DC made a point of going after Andrew Farrell, and it paid off just before halftime. First, Rolfe got in behind the defender, who had to take a yellow card in bringing him down. On the ensuing free kick, Chris Pontius got free from Farrell and headed in the equalizer.

Things fell apart for New England in the second half. DC was exerting control even before a controversial handball call against Scott Caldwell gave the hosts a penalty in the 75th minute. Rolfe gave the Revs a reprieve by hitting the post. But DCU kept pushing, and a very pretty piece of attacking play put them in front. Nick DeLeon’s backheel freed up Espindola on an overlapping run. The cross was pulled back, to Rolfe in free space. He would not miss this time.


The Revs had chances at an equalizer, but Hamid made perhaps the best of his three saves to deny Jones. Things would get more frustrating for Jones when a ball that hit the arm of Sean Franklin did not earn a penalty. Jones sprinted thirty yards to Mark Geiger and placed his hands on the referee, earning himself a red card.

New England entered the season with justifiably high expectations, but they never reached the heights of last year’s remarkable run. Jones’ health was an issue, but the front office stood still in the summer when others around them made moves. They enter the offseason with a lot of question marks, not least about Jones, whose contract is up. He’ll certainly be suspended if he stays in MLS.

For DC, next up is a familiar foe. They will face the New York Red Bulls in the conference semifinal for the second year in a row.

Montreal Impact 3-0 Toronto FC

After a nine-year wait, Toronto FC’s first playoff experience was over in 90 minutes. In truth, it was over before halftime. Montreal swiftly destroyed their rivals and advanced to the next round.

As has so often been the case, TFC’s defense let them down Jackson made the risky decision to try and intercept a pass in the 18th minute, and when he missed, the Impact were on a three-vs.-two break down the field. Ignacio Piatti slipped a pass through for Patrice Bernier, who finished the chance calmly. Bernier hasn’t gotten a lot of playing time at the age of 35, but his inclusion looks smart by Biello. It was perhaps fitting that a Canadian who was one of the Impact’s first MLS signings scored their first-ever playoff goal.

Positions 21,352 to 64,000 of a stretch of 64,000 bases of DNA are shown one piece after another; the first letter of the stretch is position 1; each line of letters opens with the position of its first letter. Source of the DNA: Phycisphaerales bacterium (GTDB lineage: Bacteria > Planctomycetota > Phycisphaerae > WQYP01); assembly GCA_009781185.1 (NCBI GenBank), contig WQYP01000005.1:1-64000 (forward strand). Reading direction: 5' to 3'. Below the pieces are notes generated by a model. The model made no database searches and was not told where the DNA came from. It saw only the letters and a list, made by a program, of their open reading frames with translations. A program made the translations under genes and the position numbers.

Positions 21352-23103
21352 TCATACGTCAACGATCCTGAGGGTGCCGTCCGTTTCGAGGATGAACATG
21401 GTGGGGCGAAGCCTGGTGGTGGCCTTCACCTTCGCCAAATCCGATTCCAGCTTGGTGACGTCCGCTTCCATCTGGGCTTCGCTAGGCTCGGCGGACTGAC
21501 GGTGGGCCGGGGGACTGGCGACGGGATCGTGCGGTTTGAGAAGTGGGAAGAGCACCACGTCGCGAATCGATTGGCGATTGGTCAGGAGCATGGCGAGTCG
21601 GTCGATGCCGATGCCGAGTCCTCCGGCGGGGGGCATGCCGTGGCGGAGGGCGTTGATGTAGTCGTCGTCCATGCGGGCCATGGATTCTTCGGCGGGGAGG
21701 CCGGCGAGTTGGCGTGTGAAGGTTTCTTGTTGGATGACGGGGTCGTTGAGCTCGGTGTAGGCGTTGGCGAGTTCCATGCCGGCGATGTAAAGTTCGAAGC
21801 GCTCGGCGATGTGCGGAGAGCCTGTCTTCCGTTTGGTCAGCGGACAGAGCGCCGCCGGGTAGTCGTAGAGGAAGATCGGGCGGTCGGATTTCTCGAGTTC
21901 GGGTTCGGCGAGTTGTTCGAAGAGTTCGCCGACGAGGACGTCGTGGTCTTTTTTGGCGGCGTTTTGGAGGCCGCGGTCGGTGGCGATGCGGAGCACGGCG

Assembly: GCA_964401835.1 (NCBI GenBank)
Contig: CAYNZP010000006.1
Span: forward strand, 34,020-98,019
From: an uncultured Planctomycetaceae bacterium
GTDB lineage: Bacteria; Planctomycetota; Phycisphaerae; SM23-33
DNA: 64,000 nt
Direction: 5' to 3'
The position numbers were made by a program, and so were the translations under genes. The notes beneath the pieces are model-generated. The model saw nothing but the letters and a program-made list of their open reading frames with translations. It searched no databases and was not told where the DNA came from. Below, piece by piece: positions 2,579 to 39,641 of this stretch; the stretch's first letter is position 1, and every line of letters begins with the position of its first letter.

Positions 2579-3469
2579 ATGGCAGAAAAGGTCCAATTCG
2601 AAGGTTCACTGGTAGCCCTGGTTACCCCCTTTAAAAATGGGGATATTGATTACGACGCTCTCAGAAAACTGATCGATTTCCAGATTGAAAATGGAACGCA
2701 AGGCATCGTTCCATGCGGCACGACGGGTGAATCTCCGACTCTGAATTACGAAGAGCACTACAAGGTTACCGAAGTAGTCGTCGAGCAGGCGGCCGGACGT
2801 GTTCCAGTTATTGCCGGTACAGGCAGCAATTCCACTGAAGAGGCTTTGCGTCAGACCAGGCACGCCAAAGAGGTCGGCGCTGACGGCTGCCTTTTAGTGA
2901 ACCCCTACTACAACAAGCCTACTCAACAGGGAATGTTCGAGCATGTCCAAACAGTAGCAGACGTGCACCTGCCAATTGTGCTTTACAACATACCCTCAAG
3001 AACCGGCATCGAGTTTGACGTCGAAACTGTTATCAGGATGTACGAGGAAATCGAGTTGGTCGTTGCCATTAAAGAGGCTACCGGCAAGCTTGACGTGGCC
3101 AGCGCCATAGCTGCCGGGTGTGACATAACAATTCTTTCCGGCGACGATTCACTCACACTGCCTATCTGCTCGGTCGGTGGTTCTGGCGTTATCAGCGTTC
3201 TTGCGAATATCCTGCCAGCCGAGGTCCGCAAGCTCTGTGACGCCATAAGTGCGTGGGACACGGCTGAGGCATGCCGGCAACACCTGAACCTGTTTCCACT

Things would only get worse from there for Toronto. Josh Williams slipped on what should have been a simple pass from his center back partner, and in doing so he allowed Piatti to pounce on the ball. From there, the Argentine needed one cut to provide himself a shooting angle, and he slid a shot past Chris Konopka for Montreal’s second goal.

It wouldn’t be an Impact game without Didier Drogba making his presence felt. After receiving lengthy treatment on the sideline in the first half, he returned to the field and looked very healthy scoring yet another goal. He freed Dilly Duka with a good pass, and after a lengthy sequence in the box, the ball came back his way. Bernier spotted Drogba unmarked, was able to get his cross through traffic to the scoring machine. 3-0.

There was still a second half to be played, but it felt like a formality. Toronto was shellshocked; they were never going to recover from that first half. And so a playoff season in Toronto ends before November even begins. They got the playoff monkey off their back, but having spent so much money, the bar should be higher than that.

Montreal will host Columbus this weekend as they start their conference semifinal tie. They have beaten the Crew twice this season.